Laser Hair Removal

Laser Hair Removal

Light is absorbed by dark objects. If there’s enough light, something dark can get pretty hot (like the hood of a black car in the summer sun). In a similar way, laser energy can be absorbed by dark material in the skin (but with much more speed and intensity). This dark target matter, or chromophore, can be naturally-occurring or artificially introduced.

The primary principle behind laser hair removal is selective photothermolysis. Lasers can cause localized damage by selectively heating dark target matter in the area that causes hair growth while not heating the rest of the skin. Laser and light-based methods are sometimes called phototricholysis or photoepilation.
Melanin is considered the primary chromophore for most lasers currently on the market.

Hair removal lasers selectively target one of three chromophores:

  • Carbon, which is introduced into the follicle by rubbing a carbon-based lotion into the skin following waxing (this lotion is an exogenous chromophore). When irradiated by an Nd:YAG laser, the carbon causes a shock wave capable of mechanically damaging nearby cells.
  • Hemoglobin, which gives blood its red colour. It preferentially absorbs wavelengths from argons, and to a lesser extent from rubies, alexandrites, and diodes. It minimally absorbs the Nd:YAG laser wavelength.
  • Melanin, which gives skin and hair its colour. There are two types of melanin in hair: eumelanin (brown or black colour) and pheomelanin (blonde or red colour).

Laser parameters that affect results

Several wavelengths of laser energy have been used for hair removal, from visible light to near-infrared radiation. These lasers are usually defined by the lasing medium used to create the wavelength (measured in nanometers (nm)):

  • Argon:                                  488 or 514.5 nm
  • Ruby:                                    694 nm
  • Alexandrite:                       755 nm
  • Pulsed diode array:         810 nm
  • Nd:YAG:                               1064 nm

Pulsewidth is an important consideration. It has been observed in some published studies that longer pulsewidths may be more effective with less side effects. Recently, very long pulse or super long pulse lasers have been theorized to be safer for darker skin, but this has yet to be demonstrated in published data.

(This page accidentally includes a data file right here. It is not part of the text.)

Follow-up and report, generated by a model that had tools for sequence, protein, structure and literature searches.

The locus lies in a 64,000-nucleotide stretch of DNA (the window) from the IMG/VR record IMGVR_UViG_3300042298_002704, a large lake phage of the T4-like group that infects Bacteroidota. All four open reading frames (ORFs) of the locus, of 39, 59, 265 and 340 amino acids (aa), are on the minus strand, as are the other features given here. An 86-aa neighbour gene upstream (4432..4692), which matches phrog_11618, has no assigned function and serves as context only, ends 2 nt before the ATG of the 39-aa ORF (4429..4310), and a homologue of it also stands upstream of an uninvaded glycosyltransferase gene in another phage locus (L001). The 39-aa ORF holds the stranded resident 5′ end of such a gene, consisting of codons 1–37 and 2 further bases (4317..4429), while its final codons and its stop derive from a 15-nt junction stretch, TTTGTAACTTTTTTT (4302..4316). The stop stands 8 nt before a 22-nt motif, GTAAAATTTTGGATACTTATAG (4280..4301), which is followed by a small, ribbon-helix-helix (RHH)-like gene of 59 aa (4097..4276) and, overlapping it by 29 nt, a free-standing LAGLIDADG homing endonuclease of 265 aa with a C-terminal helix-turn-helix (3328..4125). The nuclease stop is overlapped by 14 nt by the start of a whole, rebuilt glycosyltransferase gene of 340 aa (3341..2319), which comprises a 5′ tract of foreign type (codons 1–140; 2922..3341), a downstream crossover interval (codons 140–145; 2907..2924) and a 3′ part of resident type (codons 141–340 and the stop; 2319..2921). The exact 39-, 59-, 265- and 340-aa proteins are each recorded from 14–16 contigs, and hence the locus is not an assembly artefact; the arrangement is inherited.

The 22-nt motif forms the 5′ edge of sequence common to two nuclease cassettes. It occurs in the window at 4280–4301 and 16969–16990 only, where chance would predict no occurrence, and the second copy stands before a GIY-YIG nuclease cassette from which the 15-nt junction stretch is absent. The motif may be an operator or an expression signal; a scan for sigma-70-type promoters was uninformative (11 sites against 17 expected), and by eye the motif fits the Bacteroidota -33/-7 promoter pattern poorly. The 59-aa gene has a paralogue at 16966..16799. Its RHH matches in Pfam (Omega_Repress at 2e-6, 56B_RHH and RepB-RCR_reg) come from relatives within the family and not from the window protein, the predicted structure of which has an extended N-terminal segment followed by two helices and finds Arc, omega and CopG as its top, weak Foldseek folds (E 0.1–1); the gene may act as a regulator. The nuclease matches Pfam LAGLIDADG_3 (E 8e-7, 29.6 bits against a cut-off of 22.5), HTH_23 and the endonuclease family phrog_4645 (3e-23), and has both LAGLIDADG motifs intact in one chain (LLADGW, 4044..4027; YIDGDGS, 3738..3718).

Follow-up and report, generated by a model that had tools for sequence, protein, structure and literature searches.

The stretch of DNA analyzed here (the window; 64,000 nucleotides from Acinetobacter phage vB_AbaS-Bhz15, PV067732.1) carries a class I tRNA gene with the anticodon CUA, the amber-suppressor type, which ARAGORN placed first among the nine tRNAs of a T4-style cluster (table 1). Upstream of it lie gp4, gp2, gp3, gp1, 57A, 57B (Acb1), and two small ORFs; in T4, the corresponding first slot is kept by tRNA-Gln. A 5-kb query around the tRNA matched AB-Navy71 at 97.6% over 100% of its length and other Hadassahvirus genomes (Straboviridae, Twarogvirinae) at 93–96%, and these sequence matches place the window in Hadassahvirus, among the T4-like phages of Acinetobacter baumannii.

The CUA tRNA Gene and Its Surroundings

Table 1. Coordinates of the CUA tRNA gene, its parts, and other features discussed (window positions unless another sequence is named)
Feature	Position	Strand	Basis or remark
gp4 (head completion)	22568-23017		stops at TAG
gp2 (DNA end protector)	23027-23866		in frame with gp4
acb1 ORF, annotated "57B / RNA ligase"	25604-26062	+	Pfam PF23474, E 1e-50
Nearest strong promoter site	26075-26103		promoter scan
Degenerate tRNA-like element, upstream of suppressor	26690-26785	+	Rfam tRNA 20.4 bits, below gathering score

Spot size, or the width of the laser beam, affects treatment. Theoretically, the width of the ideal beam is about four times as wide as the target is deep. Most lasers have a round spot about the size of your little finger (8-10 mm).

Fluence or energy level is another important consideration. Fluence is measured in Joules per square centimeter, (J/cm2)

Repetition rate is believed to have a cumulative effect, based on the concept of thermal relaxation time. Shooting two or three pulses at the same target with a specific delay between pulses can cause a slight improvement in the heating of an area.

Epidermal cooling has been determined to allow higher fluences and reduce pain and side effects. Four types of cooling have been developed:

  • Clear gel: usually chilled
  • Contact cooling: through a window cooled by circulating water
  • Cryogen spray: immediately before/after the laser pulse
  • Air cooling: a newer experimental method

Multiple treatments have been shown in numerous studies to be more effective for long-term reduction of hair. Current parameters suggest a series of treatments spaced 4 to 6 weeks apart, but theoretically, there is a point of diminishing return where additional treatments will not cause additional loss.

Laser energy also gets less effective the deeper into the skin it must travel. Think of it like putting your hand over a flashlight. A little light penetrates the thinner skin (the reddish glow), but can’t penetrate the thicker areas. Light that enters the skin is either absorbed or reflected. The amount of reflected light is called scattering. When this happens to a laser beam, it’s called attenuation. The more tissue light has to travel through, the more attenuation will occur. That means at deeper levels, less energy reaches the target.
Variables in consumers that affect results.

Lasers can be useful for surface dermatological procedures like removing some kinds of tattoos, or birthmarks like port wine stains. This is because the target is superficial and often even in depth and colour compared to hairs. Hair in any given treatment area can be widely variable in diameter, colour, and depth. This poorly delineated target makes laser effectiveness hard to predict. The same amount of laser energy will have different effects on hair with different widths. Some hairs are as deep as 7 millimeters. It is therefore difficult for a laser to be effective at those depths without overheating the upper skin.

Obviously, if a laser targets melanin, the less melanin you have in your hair means the less effective a laser will be. That’s why someone with gray, red, or blonde hair is not as good a candidate for laser hair removal.

In addition, the more melanin in your skin, the darker it looks. Caucasians don’t have much skin melanin, while Africans have a lot. The laser doesn’t distinguish between melanin in hair and melanin in skin. That means the more melanin in your skin, the more the laser is going to target your skin. That’s why someone with darker skin is not as good a candidate for laser hair removal. Light skin and dark hair are the best combination for laser hair removal. The more closely your skin tone matches your hair color, the less likely you are to benefit from laser hair removal.